Jol

Just wanted to flag up this piece on Jol written by a friendly Spurs blogger.

Martin Jol, the man in charge, guided us to our first top five finish in fifteen years, repeated the feat the next season and was unceremoniously sacked two months into the 2007-08 season.

Is the long and short of it, but needless to say he’s well thought of there.

We’re going to have to wait and see, aren’t we?  I like a lot of the players Jol used at Spurs and wonder which we’ll see at Fulham.

Hopefully not Robbie Keane (we need to be going the other way, getting younger players) but someone like Jenas strikes me as a perfect reclamation project.  Players seem to come and go in Redknapp’s estimations and there’s not always a good reason for it (last year he discovered the concept of a holding midfielder, for instance!).   Jenas is a good player (Mourinho always rated him) who hasn’t built on his encouraging start in football.   I’d like to see him at Fulham (although it doesn’t help that Redknapp is sniffing around Dembele) as a possible successor to Danny Murphy.  Different kind of player but one who I think would benefit from playing regularly.  Could combine well with Sidwell, too (if they’re not too similar).

Afterthoughts:

From the Zonal Marking comments sections, which are half interesting.

From here:

Anything that comes along that is different to that is bound to cause the opposition problems – look at Ajax and their enormous goal difference. It would be fair to say that Jol is an atypical Dutch coach, in that he believes in zonal defending, which lends a team a better shape for counter-attacking.

Which is interesting, and would make sense given his time in England (the context was that a lot of Dutch teams go man-for-man in the midfield still). He did still use the conventional Dutch 4-3-3, albeit with Suarez playing more narrow on the right.

(Elsewhere on the site we have a reminder of when Jol used Aaron Lennon as a ‘central winger’ against Chelsea, and a couple of posts about how Jol was a big fan of Michael Carrick (he believed that only he and SAF really understood how much Carrick brought to the team, winning the ball, turning defence to attack).   Finally, there are a number of comments from Dutch fans talking about Dutch coaches, and Jol seems quite well thought of.)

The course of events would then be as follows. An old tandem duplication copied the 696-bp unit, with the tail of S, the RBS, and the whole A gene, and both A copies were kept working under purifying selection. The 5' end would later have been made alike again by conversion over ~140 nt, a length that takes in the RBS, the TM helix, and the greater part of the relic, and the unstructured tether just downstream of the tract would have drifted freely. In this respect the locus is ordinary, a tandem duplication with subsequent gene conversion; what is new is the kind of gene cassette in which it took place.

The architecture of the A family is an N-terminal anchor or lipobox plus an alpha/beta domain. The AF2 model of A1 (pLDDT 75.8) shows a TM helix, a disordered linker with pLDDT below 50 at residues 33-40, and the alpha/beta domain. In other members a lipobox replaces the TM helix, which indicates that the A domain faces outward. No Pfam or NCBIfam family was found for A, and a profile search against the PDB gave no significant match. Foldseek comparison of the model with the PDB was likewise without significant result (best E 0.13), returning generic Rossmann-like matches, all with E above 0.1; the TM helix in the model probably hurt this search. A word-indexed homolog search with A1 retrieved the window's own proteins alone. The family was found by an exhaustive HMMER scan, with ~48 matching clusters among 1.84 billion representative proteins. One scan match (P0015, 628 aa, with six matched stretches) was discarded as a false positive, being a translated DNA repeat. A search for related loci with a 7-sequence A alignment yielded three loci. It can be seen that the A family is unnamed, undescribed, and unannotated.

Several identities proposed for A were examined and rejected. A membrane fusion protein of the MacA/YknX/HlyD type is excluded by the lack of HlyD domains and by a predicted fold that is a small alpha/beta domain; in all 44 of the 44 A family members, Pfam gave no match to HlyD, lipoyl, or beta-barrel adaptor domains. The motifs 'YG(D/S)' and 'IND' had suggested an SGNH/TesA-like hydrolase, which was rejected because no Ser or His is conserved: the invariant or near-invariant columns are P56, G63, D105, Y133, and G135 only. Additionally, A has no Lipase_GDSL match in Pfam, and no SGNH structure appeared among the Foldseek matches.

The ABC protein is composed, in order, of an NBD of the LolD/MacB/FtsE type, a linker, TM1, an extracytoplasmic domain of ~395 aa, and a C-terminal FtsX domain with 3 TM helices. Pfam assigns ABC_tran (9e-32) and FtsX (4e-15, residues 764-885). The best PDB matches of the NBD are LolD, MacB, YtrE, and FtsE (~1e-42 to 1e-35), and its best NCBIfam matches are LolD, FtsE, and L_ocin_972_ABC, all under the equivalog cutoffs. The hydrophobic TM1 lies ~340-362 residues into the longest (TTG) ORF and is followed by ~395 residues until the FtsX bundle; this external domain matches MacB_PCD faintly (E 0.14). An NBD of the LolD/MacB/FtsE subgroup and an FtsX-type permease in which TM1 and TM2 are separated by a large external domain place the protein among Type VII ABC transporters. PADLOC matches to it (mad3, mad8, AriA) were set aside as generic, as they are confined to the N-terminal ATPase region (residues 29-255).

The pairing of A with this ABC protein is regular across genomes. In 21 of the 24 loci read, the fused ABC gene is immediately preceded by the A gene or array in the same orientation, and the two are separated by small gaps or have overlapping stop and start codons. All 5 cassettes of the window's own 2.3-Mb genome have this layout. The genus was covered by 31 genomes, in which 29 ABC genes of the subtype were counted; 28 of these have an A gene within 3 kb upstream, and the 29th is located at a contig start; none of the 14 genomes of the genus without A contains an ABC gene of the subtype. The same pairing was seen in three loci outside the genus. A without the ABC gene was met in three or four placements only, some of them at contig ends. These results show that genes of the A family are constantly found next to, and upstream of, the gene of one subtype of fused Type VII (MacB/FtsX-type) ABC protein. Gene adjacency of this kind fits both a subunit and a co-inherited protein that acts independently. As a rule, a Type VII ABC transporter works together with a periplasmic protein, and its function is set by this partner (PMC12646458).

10 thoughts on “Jol

  1. Hmmm “Fulham’s obviously a big step down for Jol” hate to say it but the one from North London’s got a point, something seems a bit wierd about the whole Hughes leaving, Jol appointed a few days later thing. I saw what Rich wrote about it being possibly a done deal in December, and I’m sure the club know what there doing, and big wages being alked about etc, but realistically how long can we expect him to stick around? If things go really well, the best posible result is we finish top 10 and WIN a cup, then surely he’ll be off to a “bigger” club. If next season goes roughly to plan then we’ll basically be where we are now and will that be enough for Jol? If it goes really badly… Well lets not think where we could end up, back in the championship with big sam as manager!? No surely not, no ones daft enough to give him a job…

    1. If we have a good year EVERY year but lose our manager at the end of EVERY season then it seems to me that we’re all winners.

      The fans, the players, the club and both departing and incoming managers.

      Reality is that Jol will stay so long as it suits him or us. The concept of getting in a manager that we know will succeed and want to stay for ever is completely unrealistic. Successful managers look to move up and unsuccessful ones get sacked.

      I think I’m right in saying that since Bedford Jezzard left in 1964 the longest managerial stay was Coleman at 4 years. The average would be about 18 months with most being sacked.

      1. That was the disappointing thing with Hodgson. It did feel as if it would last. Should have known better given his CV, but there we are.

        1. The lesson there is that we shouldn’t think we know these guys. We know their CVs and form an impression from TV interviews, occasional punditry and by listening to bits of gossip.

          The Hodgson who managed Liverpool seemed nothing like the Hodgson who managed Fulham and I’m left with no idea who the real Hodgson is. Same applies to Hughes and Jol – all I want is for them to manage the club successfully. What they think or how they might get on with certain players is irrelevant, unknowable fluff.

          Same applies to the Clint Dempsey stuff. I hope he stays and continues to play well. What his ambitions are and what he wants from life he can keep to himself.

          1. Absolutely, which was the point Honigstein was trying to make about Jol the other day: a charming interviewer does not a great manager make.

            We’ll see. Each managerial job brings new challenges and Jol’s will be to understand what he has on his hands and what he needs to do to make it a) how he wants it and b) win some games while he’s making these changes. He’s not an idiot so he’ll hopefully see that he can put the team on autopilot for some time without too much bother, but I am curious to see what happens next (on and off the field – Chris hughton would be nice).

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